Thursday, May 22, 2003


Irving Kristol, one of the founders of the Neoconservative movement, famously asserted "There are truths appropriate for children; truths that are appropriate for students; truths that are appropriate for educated adults; and truths that are appropriate for highly educated adults, and the notion that there should be one set of truths available to everyone is a modern democratic fallacy. It doesn't work." I am not interested in trying to refute this notion—to claim that public truth telling is feasible or philosophically unproblematic would be to practice a different sort of hypocrisy—but I do think it is important to bring out one unspoken assumption of the rhetoric. The premise of the Neocons is that they represent the “highly educated adults” in the quote, that they are an august elite of philosopher kings and not simply a claque of geeks doing P.R. for billionaires.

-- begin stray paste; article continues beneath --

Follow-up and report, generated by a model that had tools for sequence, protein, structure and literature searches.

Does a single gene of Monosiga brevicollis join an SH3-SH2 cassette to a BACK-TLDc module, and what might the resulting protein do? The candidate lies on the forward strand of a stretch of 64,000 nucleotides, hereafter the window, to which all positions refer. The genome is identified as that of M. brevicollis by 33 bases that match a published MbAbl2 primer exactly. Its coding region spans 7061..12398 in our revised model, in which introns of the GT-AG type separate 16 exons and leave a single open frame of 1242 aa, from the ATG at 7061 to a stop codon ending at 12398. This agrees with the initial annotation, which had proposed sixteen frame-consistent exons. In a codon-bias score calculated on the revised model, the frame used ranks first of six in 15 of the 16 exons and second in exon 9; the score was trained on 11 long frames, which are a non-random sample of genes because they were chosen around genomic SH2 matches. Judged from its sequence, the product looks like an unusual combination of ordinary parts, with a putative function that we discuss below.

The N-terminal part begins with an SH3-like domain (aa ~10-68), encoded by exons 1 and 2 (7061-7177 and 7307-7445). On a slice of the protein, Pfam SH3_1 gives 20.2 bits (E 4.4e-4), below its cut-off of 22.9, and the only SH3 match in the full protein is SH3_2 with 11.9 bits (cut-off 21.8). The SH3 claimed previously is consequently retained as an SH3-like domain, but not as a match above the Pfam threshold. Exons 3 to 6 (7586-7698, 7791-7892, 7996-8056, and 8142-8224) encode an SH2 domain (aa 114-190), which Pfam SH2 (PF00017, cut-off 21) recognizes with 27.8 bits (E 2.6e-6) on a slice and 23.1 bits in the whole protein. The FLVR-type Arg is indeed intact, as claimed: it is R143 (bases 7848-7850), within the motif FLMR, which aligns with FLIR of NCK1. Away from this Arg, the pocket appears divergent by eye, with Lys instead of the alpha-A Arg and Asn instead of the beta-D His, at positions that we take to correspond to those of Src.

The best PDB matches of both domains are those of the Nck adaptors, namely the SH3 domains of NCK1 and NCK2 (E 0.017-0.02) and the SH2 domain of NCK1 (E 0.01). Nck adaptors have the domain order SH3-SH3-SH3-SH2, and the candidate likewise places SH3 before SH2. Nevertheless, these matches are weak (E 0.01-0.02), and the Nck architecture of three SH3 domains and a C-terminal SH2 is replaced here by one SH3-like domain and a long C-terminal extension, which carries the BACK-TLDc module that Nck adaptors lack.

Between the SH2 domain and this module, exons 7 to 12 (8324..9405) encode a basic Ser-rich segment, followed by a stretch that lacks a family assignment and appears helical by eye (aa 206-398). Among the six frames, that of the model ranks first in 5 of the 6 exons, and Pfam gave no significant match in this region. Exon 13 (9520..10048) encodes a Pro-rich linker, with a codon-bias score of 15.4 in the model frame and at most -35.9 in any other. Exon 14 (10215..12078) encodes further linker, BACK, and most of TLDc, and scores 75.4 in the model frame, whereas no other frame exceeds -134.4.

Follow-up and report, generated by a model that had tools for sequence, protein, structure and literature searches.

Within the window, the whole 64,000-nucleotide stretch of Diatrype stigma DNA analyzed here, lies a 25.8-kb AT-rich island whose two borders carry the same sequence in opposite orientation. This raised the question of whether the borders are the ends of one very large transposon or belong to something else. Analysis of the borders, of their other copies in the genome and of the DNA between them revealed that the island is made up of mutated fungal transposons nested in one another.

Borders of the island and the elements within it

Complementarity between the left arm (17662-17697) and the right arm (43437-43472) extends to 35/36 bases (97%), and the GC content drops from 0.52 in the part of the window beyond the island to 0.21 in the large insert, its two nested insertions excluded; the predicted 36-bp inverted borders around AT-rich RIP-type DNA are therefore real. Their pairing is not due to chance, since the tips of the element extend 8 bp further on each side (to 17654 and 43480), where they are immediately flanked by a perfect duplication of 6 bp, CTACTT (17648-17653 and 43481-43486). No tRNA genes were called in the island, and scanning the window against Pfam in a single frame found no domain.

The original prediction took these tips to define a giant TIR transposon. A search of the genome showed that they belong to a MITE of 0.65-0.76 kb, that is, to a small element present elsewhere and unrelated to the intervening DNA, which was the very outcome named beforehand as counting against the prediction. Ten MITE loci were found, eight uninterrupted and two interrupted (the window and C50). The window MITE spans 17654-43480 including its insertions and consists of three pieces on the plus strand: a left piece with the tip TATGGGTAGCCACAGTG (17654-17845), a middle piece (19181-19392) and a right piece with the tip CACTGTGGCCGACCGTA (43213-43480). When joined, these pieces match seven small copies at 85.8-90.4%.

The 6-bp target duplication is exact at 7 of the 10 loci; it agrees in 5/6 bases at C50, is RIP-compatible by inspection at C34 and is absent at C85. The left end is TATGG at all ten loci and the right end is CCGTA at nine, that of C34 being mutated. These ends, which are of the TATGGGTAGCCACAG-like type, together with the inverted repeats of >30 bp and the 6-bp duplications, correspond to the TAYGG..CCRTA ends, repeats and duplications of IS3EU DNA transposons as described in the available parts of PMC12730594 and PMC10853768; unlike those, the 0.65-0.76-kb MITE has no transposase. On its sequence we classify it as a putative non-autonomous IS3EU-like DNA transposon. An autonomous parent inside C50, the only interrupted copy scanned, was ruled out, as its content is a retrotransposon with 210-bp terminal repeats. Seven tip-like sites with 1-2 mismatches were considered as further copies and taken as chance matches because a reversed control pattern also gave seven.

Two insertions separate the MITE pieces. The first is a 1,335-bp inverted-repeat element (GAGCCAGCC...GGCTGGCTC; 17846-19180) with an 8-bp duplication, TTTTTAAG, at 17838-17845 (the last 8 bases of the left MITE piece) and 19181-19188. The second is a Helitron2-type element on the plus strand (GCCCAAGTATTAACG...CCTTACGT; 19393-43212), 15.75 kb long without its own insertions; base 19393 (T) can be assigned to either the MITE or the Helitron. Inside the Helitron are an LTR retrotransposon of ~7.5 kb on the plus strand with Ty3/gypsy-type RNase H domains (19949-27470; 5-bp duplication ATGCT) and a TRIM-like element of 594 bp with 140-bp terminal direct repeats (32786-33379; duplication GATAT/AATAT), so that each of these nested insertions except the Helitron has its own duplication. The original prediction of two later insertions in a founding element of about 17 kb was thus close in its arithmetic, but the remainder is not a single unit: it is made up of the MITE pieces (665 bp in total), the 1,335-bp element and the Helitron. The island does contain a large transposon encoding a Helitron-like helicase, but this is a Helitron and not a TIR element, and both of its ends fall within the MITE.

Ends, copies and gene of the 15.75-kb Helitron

Here’s what got me thinking about this issue. I most recently ran across the Kristol quote in an article on right wing attitudes towards Darwin. Although traditional Creationism is a bit low brow for these middle brow people who think they are high brow, the Intelligent Design movement appeals to them. Of course it may be the case that the various anti-evolutionist writers in Commentary are just practicing programmatic untruthfulness on this issue, but you get the impression that they really don’t know that the debate about evolution has been over for 120 years or so and that Anti-Darwinism only makes sense as part of a cynical culture war or as sheer wish fulfillment. Now I assume that Stalin actually thought Lysenko was right, and I expect Irving Kristol, Leon Kass, and Robert Bork have a similarly misplaced faith in Behe, Berlinski, and Dombrowski. If so, they reveal themselves to be liberal arts idiots of the first water.

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